How To Distinguish Between a Crashed Server and Non-Existent Memcached Key Value?

Jason Edgecombe jedgecombe at
Sun Jun 4 16:04:52 UTC 2006

Andreas Vierengel wrote:
> Ian Kallen wrote:
>> On 6/4/06, Andreas Vierengel <avierengel at> wrote:
>>> that's right, but it could lead to a nice DoS-Attack especially if (for
>>> example) a web-request leads to a specific key which cannot be filled
>>> from the original source, because the original source produces 'undef'
>>> as well.
>> If there is a high frequency of null result lookup cases on the data
>> origin and you're concerned with the costs of those lookups, then
>> implement a negative cache.  The negative cache interval should be
>> sized by how tolerant your applications are of having no result when
>> in fact there may be one.
>> Here's some babytalk code to illustrate how to typically handle it:
>> rv = getMemcacheVal(key);
>> if (rv == null) { // memcache said "nope"
>>    rv = getExpensiveVal(key); // poor performing mysql indices, etc
>>    if (rv == null) { // rdbms said "nope"
>>        putNegativeCache(key); // has appropriate TTL
>>    } else { // rdbms said "yep"
>>        putPositiveCache(key);
>>    }
>> }
>> return rv; // may be undef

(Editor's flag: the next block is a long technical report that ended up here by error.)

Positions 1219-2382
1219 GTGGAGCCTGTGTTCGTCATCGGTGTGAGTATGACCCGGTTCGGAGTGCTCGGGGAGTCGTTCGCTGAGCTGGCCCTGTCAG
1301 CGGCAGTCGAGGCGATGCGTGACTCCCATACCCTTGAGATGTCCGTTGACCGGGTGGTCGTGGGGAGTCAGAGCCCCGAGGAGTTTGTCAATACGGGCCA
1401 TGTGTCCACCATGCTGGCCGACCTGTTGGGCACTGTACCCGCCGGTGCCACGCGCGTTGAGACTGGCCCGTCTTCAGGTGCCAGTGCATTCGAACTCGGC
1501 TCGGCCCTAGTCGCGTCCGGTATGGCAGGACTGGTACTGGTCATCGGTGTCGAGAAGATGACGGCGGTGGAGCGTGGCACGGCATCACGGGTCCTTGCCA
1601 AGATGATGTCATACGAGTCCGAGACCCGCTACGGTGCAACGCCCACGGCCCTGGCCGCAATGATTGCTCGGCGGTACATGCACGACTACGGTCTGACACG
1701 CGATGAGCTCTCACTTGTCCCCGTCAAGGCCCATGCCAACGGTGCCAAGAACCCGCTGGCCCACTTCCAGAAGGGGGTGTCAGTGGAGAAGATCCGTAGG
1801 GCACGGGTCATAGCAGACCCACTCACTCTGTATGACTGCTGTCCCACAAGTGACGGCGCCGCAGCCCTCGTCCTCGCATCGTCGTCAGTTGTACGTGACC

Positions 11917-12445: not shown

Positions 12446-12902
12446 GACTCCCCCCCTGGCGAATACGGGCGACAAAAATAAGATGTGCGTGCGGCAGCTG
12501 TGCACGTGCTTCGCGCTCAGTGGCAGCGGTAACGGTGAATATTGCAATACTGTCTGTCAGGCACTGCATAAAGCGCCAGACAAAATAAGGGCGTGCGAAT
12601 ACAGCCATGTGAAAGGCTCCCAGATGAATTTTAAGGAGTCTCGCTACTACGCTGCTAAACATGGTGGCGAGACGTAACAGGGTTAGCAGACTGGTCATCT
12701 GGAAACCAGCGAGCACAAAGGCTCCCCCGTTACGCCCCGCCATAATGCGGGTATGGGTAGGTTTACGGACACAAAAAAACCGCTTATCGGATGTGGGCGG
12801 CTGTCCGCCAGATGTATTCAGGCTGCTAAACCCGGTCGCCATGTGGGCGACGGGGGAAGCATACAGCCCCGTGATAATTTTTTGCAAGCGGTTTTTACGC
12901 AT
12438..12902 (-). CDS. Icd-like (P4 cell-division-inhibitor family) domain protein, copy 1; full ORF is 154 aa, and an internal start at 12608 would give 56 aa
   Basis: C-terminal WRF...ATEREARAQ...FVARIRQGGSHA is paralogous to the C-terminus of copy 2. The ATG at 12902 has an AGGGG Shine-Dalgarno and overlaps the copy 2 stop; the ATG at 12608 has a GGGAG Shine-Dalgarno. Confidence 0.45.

>>> One solution could be that you never let this happen and always 
>>> generate
>>> a "reasonable" value for this key, or you could hack 
>>> Cache::Memcached to
>>>   add a undef-state using the flags-field.
>> Hacking the mecached client to handle the negative case, given the
>> various tolerances that applications will have for "false negatives",
>> sounds like a bad idea. When I fetch null from memcache, I really
>> expect that to mean there's no cache entry for it and have that be
>> distinct from a negative cache. But I'd be curious to see a general
>> solution if you have one.
> I use a self written client in perl, which stores undef values as the 
> string "UNDEF" and set some bitfield in the flag-header to true. If I 
> fetch a key from memcached an my client returns undef, i question 
> another method which returns if the client returned undef because of a 
> general error or if the value was simply undef. So I can distinguish 
> between negative hits and errors.
> --Andy
>> -Ian
What if you store a known value?

if get("keepalive")  {
# server is up!

storing the last time that you used the cache might be helpful as well.


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